According to BBC News, Japan has freshly entered "the era of smartphones", and now everyone is worrying that we'll all be bumping into each other over here because we're too inconsiderate to look up from our LCD displays while crossing the street.
I'd like to point out that, if Japan has really been slow to adopt smartphones, there are two very good reasons for this:
1) The preexisting phones in Japan were unimaginably superior to the pre-smartphones of Europe. I remember coming to Japan for the first time in 2007 and being amazed at the capabilities offered by my Japanese mobile. In addition to the basics such as a camera etc., it had navigation (maybe GPS, or perhaps based on triangulation of transmitters), and email. My wife -then girlfriend- had a slightly better mobile that supported even nicer features such as TV: it honestly made phones on the UK market look absolutely laughable.
According to the wiki, the iPhone came out that year, but it was at least a year before it even entered the Japanese market. And if you already had a decent "standard" Japanese mobile, you might wonder at the advantage in getting an iPhone back then. In fact, according to Wikipedia "In 1999, the Japanese firm NTT Docomo released the first smartphones to achieve mass adoption within a country".
Basically, either the features Japan's phones were too competitive compared to our notion of "smartphones", or they were already fully-fledged smartphones. Effectively, Japan was using smartphones before anyone else. Maybe they weren't touch-screen, but they were powerful beasts for their time.
2) Utilising smartphones to their full potential requires a decent internet connection, and the mobile companies over here are very happy to charge an extraordinary amount of money for this service. There is very little choice when it comes to data plans, and if you go with one of the "big 3" providers here, you options are all or nothing. I'm not sure if this has been the case previously (there is a 6 year gap between 2008 and 2013 where I was in the UK), but I suspect expense will have been a big motivator for holding onto older mobile technology.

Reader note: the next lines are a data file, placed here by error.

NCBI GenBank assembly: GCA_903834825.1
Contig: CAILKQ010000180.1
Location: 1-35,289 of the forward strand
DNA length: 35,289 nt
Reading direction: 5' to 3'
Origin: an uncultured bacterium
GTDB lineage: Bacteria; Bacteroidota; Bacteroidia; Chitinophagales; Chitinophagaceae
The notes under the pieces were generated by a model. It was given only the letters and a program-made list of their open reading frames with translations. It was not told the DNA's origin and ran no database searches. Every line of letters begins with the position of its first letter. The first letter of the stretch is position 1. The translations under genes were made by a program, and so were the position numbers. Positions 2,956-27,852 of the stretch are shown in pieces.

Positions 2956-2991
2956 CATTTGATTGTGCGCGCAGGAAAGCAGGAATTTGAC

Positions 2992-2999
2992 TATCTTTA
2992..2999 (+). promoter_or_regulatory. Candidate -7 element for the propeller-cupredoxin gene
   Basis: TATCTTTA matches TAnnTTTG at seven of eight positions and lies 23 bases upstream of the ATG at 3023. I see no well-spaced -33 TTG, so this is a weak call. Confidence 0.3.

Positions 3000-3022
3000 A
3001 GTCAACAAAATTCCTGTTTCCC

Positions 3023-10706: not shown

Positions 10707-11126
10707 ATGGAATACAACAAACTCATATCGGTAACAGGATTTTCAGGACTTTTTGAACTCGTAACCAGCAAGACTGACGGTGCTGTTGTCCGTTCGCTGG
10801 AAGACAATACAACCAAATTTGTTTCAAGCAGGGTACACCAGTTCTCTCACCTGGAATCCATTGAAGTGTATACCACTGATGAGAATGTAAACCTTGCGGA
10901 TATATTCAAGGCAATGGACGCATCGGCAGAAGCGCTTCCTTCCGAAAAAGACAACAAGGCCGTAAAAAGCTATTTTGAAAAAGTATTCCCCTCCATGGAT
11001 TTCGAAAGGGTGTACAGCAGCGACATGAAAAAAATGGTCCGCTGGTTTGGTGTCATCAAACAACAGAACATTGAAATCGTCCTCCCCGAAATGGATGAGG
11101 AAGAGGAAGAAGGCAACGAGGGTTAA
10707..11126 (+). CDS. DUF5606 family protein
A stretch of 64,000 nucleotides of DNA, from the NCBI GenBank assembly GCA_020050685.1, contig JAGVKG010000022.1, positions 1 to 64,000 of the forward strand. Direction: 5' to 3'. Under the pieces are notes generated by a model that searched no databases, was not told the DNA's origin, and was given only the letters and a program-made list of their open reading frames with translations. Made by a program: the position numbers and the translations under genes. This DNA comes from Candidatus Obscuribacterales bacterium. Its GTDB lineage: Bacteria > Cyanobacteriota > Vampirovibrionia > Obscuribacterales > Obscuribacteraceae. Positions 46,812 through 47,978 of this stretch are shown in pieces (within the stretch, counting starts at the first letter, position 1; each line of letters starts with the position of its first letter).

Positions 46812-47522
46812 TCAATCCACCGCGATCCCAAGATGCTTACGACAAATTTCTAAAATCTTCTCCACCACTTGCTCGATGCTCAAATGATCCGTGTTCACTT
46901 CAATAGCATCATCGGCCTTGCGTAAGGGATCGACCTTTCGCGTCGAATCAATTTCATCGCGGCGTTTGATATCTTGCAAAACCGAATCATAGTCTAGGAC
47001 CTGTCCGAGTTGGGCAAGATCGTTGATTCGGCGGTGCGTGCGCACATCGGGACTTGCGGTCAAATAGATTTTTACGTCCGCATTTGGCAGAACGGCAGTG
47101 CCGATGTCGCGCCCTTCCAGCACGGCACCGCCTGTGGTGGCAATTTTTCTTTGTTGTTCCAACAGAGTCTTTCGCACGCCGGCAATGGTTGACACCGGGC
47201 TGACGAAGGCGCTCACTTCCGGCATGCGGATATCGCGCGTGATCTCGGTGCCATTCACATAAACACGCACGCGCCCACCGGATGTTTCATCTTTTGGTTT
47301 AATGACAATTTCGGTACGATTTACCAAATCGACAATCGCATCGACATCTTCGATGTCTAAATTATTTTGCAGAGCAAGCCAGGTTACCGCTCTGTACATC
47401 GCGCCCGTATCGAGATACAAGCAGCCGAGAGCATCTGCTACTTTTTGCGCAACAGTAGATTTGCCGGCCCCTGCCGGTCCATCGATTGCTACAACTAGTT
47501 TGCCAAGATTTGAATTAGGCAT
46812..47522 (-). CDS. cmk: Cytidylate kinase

With that out of the way... I do wonder about the whole "dumbwalking" thing. I guess with the increases in functionality, there is a greater likelihood that people will be walking and doing something on their mobile, especially now things like LINE allow you to message without spending any yen. Increased adoption of phones in general is also likely to be a big contributor (even my 10 yr old nephew has a dumbed-down phone). Nonetheless, Docomo's simulation of everyone crossing the road while staring at their phones is really just a bit of sciency fun. I'm sure the simulations may have some use when realistic parameters are used, but you don't need me to tell you that most people will actually be looking where they are going. This is illustrated very cutely in the end of the BBC's article, where the author sets himself the goal of walking across a busy junction, deliberately not looking up from his phone, and the fact that "I'm sure I'm going to get hit, but after a few seconds I relax. It's OK. Everyone's reacting for me", and "It's so silly I have to look up". This is how the real world works: people try to get out of the way, but they are generally aware of the need to stop, and look up when necessary.
To be honest, its a nice little article, but I just get the feeling the author is trying to write life into an issue that simply doesn't exist.
Then again, I've yet to live in Tokyo.